In rural Bago Region, a high-school dropout has built up a thriving iron workshop that employs more than 100 people and in 2013 was declared the country’s best SME.
Words & Photos THOMAS KEAN | FRONTIER
WHEN HE was in grade seven, U Aye Win’s life turned upside down.
The death of his mother left his family in a tough financial position. Although his father, a trishaw driver, urged him to stay in school, Aye Win knew that his education would be an unmanageable burden.
By the time he was 18, Aye Win was running an iron workshop. It was a risk; he’d sold the family bullocks to raise the K1 million he needed to set up the business. But he had also done his homework, identifying five products – mostly farming equipment – that could provide a reliable income.
“When everyone else my age was playing football, I would be working and running my business,” he told Frontier at his home in Bago Township’s Ywarthit village, just north of Payagyi. “The older people used to say, ‘Look at him. He’ll be successful one day.’”
They weren’t wrong. Today his business, AMK, employs 105 people and makes more than 300 products. Aye Win’s creations – everything from water pumps to decorative fencing – can be found within a 320-kilometre (200-mile) radius of his workshop, he says. He even exports drain covers to Singapore.
The business received a boost in 2013 when he won a national prize for small and medium-sized enterprises, beating more than 30 nominees from Bago and other states and regions. The prize helped him catch the attention of businesses in the country’s industrial zones and more orders soon began flowing in.
Aye Win is proud of his achievements. A large photo of him receiving his prize from President U Thein Sein adorns a wall in his home, and another shows him with Kanbawza Group chairman U Aung Ko Win.
His path to success shows that a lack of education does not have to consign one to a life of struggle. In a country where most children don’t reach high school, this is a powerful message.
His secret is simple, he says. “Talent is one percent. Perseverance is 99 percent. If you’re honest, dedicated and try your best, you can be successful.”
Aye Win’s workshop is immediately behind his home. The centrepiece is a tall, narrow drum from which charcoal-fed flames soar up towards the roof. Occasionally a worker approaches with a basket and throws in a heap of scrap, seemingly immune to the searing heat.
From there, the process is fairly simple. Once enough scrap has been melted, the furnace is tilted; a hole at the bottom is opened and a stream of molten iron pours out into a bucket. This is carried deeper into the workshop and poured into earthen moulds lined up on workshop floor.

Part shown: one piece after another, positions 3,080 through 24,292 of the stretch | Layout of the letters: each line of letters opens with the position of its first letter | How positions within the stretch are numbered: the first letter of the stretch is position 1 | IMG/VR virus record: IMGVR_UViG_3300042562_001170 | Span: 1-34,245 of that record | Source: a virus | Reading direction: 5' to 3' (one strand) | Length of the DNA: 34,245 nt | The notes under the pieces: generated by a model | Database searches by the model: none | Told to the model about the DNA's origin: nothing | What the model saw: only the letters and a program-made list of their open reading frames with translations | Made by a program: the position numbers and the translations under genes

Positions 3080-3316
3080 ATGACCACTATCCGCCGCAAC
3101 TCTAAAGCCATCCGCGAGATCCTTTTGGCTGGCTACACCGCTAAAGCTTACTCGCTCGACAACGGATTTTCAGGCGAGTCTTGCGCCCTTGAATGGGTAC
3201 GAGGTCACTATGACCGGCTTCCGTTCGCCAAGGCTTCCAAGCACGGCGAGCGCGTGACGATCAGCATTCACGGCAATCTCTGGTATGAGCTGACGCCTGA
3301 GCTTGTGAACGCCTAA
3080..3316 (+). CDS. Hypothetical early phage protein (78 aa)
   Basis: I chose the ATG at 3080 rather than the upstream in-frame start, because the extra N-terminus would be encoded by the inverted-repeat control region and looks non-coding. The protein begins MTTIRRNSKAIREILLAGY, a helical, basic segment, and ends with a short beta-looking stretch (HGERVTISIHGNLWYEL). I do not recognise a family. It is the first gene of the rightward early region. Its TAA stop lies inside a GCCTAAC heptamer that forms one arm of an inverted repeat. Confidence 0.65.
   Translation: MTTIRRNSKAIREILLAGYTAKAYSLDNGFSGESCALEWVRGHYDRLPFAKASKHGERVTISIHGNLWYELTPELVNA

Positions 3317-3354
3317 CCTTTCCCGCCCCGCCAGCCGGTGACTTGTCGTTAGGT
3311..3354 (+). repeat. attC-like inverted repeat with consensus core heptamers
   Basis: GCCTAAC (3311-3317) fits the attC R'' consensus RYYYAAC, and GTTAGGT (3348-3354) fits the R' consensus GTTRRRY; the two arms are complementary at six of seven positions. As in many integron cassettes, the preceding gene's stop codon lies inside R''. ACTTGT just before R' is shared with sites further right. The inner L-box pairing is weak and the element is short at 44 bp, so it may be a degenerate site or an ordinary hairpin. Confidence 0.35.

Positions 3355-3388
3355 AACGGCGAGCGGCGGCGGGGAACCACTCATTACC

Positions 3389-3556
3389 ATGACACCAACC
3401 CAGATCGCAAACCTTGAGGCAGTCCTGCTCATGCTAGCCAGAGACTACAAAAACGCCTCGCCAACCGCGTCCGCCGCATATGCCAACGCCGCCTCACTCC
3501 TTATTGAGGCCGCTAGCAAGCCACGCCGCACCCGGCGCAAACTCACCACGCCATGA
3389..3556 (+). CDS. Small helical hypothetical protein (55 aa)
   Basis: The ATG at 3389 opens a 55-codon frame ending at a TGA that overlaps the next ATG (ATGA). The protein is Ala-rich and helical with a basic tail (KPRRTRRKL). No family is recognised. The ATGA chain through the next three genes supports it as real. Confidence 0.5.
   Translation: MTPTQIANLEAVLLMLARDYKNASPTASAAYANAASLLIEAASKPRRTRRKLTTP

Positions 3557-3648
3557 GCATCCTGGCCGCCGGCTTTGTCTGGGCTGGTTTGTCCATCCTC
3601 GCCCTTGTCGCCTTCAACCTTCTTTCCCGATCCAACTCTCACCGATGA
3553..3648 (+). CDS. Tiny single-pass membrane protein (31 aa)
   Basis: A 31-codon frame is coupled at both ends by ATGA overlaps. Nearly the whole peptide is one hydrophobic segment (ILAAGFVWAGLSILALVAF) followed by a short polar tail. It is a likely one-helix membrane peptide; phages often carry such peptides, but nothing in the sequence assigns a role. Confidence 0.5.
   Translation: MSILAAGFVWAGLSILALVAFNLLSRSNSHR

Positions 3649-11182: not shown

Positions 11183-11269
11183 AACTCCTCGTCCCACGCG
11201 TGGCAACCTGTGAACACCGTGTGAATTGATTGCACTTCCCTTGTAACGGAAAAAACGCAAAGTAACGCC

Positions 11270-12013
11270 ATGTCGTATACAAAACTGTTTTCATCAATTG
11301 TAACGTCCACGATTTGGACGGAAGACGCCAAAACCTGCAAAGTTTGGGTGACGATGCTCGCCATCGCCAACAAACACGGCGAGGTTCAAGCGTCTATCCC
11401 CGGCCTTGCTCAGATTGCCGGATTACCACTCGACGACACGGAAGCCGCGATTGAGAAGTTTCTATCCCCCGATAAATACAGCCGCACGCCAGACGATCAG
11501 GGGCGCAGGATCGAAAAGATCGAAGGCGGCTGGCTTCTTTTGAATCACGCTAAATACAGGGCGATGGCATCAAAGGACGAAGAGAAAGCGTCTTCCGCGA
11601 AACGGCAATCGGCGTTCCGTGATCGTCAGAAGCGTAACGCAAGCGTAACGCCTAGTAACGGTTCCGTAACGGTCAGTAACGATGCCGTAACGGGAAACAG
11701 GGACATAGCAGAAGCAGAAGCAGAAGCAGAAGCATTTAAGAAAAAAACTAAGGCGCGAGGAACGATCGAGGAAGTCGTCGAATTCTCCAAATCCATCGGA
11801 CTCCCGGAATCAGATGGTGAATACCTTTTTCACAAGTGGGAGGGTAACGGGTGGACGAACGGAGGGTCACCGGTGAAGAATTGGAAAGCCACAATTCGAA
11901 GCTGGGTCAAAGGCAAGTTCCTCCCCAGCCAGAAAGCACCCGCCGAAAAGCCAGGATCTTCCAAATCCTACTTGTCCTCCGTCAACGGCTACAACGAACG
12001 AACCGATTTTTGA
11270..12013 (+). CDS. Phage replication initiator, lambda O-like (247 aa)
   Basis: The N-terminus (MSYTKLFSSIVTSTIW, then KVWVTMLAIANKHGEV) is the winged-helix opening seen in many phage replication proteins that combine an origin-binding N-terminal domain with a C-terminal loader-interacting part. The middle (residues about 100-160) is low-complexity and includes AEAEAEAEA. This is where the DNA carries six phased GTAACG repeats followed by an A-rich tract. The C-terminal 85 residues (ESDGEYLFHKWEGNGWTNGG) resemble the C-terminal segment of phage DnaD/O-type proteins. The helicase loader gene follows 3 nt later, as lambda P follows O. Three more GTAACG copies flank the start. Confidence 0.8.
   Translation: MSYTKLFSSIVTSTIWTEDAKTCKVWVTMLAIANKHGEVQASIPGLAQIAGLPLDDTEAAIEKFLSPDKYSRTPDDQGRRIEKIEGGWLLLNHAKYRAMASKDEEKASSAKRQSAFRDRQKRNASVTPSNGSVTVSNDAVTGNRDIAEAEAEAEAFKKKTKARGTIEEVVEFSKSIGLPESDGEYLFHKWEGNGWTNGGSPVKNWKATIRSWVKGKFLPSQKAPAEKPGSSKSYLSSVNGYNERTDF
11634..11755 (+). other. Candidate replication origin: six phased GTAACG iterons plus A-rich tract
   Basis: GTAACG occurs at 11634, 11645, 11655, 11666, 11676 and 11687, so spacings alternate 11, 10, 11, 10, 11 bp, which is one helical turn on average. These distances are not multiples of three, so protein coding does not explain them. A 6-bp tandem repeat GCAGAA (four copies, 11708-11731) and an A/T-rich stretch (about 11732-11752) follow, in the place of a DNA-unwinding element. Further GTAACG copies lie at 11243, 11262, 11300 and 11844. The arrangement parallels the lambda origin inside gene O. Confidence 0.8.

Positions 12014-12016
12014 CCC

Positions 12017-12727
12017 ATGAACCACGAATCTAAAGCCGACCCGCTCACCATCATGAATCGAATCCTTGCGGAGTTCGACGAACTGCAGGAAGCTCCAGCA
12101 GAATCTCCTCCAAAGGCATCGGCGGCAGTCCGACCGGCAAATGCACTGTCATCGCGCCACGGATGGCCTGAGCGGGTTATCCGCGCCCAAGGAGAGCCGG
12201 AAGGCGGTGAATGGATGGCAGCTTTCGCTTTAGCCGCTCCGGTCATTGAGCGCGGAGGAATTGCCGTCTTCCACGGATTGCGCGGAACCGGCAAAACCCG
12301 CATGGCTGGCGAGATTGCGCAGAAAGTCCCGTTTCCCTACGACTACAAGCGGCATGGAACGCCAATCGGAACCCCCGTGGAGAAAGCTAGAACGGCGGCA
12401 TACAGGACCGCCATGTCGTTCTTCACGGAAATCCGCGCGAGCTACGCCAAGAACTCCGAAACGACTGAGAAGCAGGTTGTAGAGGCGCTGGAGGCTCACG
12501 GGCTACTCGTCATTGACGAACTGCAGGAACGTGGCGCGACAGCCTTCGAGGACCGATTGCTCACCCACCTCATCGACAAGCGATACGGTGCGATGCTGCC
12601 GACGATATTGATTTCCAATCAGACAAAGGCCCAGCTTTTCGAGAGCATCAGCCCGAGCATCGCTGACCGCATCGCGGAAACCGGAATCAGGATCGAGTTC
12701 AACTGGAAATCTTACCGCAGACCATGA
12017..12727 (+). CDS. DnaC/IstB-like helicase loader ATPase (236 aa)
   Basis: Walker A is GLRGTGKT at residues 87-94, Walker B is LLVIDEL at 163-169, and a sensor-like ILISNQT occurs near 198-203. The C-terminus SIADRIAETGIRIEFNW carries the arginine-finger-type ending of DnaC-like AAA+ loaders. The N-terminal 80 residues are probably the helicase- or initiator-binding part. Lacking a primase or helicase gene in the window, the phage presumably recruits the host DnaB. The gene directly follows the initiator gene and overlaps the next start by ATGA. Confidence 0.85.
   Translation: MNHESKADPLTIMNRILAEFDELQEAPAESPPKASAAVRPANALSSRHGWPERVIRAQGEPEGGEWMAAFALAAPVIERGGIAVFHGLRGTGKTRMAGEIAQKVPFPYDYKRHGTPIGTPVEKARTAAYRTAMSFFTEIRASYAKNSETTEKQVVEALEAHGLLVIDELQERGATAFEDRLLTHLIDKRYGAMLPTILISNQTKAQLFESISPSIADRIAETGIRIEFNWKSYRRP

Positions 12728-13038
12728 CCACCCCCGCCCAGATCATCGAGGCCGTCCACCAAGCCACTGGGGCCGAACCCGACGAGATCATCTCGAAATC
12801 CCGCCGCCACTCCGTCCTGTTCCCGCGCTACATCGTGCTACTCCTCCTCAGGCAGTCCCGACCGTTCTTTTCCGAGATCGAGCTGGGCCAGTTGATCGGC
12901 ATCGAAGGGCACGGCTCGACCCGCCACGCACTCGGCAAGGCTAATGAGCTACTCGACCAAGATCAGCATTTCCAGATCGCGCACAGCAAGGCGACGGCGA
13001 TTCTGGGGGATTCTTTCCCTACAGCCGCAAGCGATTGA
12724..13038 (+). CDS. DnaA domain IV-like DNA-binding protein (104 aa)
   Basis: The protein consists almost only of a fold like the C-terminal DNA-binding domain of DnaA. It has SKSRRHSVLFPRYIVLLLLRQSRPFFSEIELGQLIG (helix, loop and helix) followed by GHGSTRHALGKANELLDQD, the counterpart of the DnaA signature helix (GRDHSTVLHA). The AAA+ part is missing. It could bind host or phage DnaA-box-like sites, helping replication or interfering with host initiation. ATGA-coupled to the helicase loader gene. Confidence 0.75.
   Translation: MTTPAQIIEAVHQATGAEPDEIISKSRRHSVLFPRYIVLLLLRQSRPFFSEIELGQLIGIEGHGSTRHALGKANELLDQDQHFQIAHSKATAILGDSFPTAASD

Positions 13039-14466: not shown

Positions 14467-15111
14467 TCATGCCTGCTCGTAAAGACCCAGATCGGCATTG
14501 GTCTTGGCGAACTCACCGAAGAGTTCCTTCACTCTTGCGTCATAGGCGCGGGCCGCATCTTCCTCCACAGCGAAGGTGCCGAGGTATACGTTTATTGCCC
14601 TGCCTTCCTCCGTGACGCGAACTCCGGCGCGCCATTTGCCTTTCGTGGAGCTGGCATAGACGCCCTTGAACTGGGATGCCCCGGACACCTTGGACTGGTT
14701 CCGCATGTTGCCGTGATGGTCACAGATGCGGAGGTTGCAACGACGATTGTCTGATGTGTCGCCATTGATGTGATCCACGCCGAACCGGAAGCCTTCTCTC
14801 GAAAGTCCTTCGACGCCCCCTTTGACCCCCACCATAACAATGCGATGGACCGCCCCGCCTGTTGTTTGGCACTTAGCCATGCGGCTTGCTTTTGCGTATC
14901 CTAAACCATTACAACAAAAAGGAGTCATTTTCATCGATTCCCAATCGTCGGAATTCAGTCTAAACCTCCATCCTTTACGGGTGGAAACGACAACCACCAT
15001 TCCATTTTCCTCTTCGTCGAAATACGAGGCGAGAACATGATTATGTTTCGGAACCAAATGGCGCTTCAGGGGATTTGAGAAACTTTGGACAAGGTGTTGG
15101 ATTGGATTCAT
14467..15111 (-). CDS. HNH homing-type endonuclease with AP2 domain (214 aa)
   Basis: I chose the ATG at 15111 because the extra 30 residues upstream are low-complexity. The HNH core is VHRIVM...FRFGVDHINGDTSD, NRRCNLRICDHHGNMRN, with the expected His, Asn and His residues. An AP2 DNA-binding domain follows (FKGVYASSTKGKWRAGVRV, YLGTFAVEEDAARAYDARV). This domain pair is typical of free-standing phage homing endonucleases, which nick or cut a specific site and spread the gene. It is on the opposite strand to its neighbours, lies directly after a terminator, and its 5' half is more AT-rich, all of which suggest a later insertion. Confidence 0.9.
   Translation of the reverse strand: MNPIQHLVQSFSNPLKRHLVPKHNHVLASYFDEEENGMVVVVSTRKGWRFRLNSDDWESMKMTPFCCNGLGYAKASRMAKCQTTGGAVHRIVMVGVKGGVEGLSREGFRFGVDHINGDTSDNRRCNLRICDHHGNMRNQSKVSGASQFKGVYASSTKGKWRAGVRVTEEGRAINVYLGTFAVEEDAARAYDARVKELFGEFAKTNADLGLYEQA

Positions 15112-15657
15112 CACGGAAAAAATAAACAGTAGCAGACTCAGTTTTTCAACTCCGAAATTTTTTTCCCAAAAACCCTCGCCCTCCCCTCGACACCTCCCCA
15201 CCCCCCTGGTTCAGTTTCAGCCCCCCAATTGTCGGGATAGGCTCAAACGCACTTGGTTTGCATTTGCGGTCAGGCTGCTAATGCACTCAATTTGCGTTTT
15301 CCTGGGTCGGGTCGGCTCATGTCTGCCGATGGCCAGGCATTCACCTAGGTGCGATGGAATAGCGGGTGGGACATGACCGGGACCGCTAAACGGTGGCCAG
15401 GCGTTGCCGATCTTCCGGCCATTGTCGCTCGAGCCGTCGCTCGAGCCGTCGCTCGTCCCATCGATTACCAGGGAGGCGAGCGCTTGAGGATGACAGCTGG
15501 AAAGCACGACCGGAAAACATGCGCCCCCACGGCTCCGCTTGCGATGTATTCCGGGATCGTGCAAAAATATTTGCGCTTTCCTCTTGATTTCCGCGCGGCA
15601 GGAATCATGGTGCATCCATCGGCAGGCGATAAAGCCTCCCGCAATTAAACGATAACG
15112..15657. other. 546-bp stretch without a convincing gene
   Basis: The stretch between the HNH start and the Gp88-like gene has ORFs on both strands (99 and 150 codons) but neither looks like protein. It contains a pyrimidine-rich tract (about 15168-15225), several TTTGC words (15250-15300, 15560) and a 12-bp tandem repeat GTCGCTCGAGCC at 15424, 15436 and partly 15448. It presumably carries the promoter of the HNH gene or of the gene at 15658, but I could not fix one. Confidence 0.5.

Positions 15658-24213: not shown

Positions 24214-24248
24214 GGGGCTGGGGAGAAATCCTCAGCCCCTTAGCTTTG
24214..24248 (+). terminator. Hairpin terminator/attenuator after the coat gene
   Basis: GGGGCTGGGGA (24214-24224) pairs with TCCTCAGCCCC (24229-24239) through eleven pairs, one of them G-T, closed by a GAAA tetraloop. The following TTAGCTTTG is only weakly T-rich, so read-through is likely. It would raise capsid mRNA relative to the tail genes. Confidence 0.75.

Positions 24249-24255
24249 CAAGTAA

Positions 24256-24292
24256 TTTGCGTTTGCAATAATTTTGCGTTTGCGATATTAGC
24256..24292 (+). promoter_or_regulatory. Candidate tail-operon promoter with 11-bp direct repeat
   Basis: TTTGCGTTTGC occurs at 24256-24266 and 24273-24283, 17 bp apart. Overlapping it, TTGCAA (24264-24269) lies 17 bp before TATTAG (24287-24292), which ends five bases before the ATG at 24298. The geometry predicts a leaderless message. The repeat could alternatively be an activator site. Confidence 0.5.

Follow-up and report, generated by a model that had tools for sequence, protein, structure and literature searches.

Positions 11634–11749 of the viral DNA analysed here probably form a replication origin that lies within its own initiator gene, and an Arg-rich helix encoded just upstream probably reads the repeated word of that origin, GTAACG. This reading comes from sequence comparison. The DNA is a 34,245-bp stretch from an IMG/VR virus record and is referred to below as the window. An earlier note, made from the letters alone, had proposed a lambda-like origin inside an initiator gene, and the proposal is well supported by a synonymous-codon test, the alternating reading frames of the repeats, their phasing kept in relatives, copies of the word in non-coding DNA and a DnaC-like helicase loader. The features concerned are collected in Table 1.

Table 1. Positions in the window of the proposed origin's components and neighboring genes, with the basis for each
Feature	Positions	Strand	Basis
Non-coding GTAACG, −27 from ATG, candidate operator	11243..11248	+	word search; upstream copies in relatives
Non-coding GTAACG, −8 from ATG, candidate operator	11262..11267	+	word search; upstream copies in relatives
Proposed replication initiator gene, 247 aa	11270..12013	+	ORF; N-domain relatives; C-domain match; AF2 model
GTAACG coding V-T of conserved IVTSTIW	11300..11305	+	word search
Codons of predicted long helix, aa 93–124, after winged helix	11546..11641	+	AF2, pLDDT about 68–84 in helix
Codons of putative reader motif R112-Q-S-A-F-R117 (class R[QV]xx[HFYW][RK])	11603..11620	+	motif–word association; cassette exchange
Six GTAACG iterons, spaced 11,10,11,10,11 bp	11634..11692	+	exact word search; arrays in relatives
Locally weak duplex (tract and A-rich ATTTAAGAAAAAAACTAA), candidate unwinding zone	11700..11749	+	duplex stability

The moulds have a small hole in the top into which the molten iron is poured; smoke rises from the ground while the iron cools, its colour changing from yellow-red to grey in a matter of seconds. The moulds are later lifted to reveal the object, which is then polished or painted.
All of this takes place in an environment completely lacking in safety equipment. The workers dumping scrap into the furnace and carrying the molten iron are often barely clothed, let alone wearing boots or other protective gear.
At one point while taking photos, I was told by the supervisor to be careful where I was standing. Before I could look down, I smelled melting rubber; my shoe had brushed up against a recently poured – and still slightly smoking –mould.
There’s little in the way of modern technology. So how does Aye Win compete with cheap imports? He has a few advantages, he says. One is location. Being outside an industrial zone means land is cheap. Wages in rural Bago Region are significantly lower than the city – a worker Aye Win pays K7,000 a day could expect K10,000 in Yangon.
He maintains the quality of his products by being selective in the scrap he takes. There’s no shortage in rural Myanmar, he insists, and dealers bring it to his front door. Because they save money taking it to Yangon, they charge him about 20 percent less.
Aye Win has also continued to make products that are essential for the rural economy. Cooking stoves, parts for water pumps and tractors – even pieces of sewing machines, which are essential for generating additional income in homes across the country.
He’s saving up to buy better equipment that will enable him to diversify into other essentials, such as high quality nuts and bolts, and vehicle spare parts. Like so many SMEs, he’s finding it difficult to access the capital he needs to expand.
“I still have many challenges. I want to upgrade my workshop and need more investment,” he says. “But if there’s a will, there’s a way.”